EU finance players await ‘peak’ Brexit uncertainty

A bus drives on an almost empty street, following the outbreak of the coronavirus disease (COVID-19), in the financial district of London, on July 17, 2020. [Photo/Agencies]

Europe’s financial sector will be facing “peak uncertainty” as financial regulators and players prepare for the harshest effects of Brexit, which will see the United Kingdom complete its departure from the European Union by the end of December.

A combination of politics around trade talks, EU concerns about Britain diverging from continental rules, and Europe’s push for greater control of euro-denominated activities has left the sector facing unanswered questions about its operations after Jan 1, a Financial Times report said.

“This is the period of peak uncertainty,” David Schwimmer, chief executive of the London Stock Exchange Group, told the Financial Times.

The United Kingdom’s finance sector is expected to be hit by uncertainty over the future of its market access, with the UK departing from the European Union with or without a trade deal in place.

Financial services fall outside the range of Brexit trade talks, and so the effects on banks and regulators of the UK exiting from the EU single market on Jan 1 leave unanswered vexing questions about their operations.

The possibility Britain could diverge from the current rules and regulations has left the sector in a lingering state of ambiguity, the Financial Times reported.

“It looks like the EU will make sure there is a cost to Brexit, but it’s really important for global business to be able to participate in the biggest markets,” Schwimmer said.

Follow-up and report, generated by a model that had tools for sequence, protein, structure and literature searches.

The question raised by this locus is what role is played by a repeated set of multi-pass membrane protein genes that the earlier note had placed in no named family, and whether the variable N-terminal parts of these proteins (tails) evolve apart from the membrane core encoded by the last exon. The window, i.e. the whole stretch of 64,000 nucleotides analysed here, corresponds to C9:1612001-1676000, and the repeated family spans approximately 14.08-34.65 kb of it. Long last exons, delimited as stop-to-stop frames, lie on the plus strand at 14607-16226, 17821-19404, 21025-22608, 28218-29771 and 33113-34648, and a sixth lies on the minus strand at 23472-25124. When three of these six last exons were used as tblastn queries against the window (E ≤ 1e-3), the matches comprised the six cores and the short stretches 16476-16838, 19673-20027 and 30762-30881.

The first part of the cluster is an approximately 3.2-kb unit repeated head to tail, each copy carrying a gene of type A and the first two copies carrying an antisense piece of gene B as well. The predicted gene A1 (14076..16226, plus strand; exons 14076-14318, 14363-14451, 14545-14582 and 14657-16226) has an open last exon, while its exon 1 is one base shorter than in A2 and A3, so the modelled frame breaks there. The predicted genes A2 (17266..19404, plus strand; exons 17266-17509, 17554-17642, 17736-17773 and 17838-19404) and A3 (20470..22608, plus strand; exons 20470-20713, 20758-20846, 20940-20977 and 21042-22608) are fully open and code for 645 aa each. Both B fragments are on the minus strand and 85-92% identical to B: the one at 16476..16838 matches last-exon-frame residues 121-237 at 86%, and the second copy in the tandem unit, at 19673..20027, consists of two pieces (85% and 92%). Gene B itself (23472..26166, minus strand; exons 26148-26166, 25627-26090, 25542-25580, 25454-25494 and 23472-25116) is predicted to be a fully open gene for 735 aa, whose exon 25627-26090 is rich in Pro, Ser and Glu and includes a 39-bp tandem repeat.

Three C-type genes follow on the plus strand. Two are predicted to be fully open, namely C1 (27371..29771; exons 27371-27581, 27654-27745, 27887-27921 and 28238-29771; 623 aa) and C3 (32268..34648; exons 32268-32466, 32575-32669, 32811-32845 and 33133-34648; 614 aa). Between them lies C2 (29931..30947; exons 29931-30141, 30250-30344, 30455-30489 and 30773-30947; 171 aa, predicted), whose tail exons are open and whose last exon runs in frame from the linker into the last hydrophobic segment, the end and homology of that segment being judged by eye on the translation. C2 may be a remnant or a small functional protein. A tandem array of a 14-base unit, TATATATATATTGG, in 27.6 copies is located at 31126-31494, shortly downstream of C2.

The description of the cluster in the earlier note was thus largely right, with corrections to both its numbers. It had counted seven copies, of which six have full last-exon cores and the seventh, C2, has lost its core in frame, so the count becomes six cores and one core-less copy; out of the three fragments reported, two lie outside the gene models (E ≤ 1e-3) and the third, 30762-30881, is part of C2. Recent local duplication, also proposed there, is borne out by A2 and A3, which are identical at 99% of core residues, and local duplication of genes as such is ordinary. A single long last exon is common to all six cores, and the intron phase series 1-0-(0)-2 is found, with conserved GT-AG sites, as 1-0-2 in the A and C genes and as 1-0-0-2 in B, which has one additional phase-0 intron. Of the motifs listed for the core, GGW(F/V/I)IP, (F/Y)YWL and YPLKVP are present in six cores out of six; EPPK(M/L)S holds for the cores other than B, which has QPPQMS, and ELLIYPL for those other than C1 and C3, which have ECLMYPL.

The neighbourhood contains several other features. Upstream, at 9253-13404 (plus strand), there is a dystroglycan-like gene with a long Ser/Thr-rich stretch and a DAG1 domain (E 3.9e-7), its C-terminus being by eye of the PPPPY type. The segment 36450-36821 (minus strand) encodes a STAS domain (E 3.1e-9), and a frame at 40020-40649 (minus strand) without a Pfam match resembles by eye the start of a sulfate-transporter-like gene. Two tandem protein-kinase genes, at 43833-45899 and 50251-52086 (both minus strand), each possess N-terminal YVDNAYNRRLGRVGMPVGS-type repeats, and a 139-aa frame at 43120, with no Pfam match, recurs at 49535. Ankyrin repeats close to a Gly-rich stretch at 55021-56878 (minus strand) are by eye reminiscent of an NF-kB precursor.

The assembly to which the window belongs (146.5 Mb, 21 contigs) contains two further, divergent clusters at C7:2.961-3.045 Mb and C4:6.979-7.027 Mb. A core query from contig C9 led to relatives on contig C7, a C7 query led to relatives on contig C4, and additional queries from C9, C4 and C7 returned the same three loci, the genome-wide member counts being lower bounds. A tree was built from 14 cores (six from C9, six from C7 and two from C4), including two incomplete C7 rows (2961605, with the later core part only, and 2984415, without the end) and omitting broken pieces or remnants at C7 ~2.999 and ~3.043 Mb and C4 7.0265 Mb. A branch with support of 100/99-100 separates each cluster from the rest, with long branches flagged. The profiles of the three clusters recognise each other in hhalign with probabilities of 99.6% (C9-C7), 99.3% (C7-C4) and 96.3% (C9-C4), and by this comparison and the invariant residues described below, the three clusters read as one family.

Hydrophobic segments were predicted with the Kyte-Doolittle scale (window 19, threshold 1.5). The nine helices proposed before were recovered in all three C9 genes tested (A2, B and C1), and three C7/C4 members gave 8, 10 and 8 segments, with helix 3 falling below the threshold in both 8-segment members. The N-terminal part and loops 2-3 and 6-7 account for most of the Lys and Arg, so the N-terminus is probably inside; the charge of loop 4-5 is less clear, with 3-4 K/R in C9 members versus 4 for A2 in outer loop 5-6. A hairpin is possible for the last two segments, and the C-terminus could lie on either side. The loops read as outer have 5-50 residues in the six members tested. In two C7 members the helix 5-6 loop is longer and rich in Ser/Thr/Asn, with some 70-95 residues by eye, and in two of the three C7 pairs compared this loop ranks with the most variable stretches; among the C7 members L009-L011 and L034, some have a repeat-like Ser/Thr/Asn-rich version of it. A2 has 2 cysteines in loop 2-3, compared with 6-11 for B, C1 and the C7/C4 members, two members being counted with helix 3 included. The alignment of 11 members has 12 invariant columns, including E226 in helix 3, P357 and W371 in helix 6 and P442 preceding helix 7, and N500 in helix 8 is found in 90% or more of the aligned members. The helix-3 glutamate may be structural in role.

“Less fragmentation and more cooperation and continuity of service are in everyone’s interest.”

The EU was against UK proposals to include a regulatory cooperation element in the trade talks, despite its importance to the British and European economies. The EU argues that the British might find a way to retain market access indirectly.

It’s understood the two sides might agree on so-called equivalency rules that will allow the cross-border share trading market to remain intact, but due to political sensitivities, a decision on that would not come while trade talks are undecided.

“It will go to the wire,” one senior executive at a European bank told the Financial Times. “We’re expecting to hear something concrete from the European Commission near the end of the year.”

As the biggest share trading center in Europe, London handles as much as 30 percent of the 40 billion euro ($47 billion) daily market.

Without equivalence, EU-based institutions will be barred from trading in London, and so some trading might move to cities such as Amsterdam and Paris.

It was reported on Tuesday that the EU chief negotiator, Michel Barnier, threatened to pull out of the trade talks that remain stalled over fishing rights and state aid for companies, or the so-called level playing field.

European Commission President Ursula von der Leyen told the European Parliament the bloc is prepared for the UK to leave without a trade deal.

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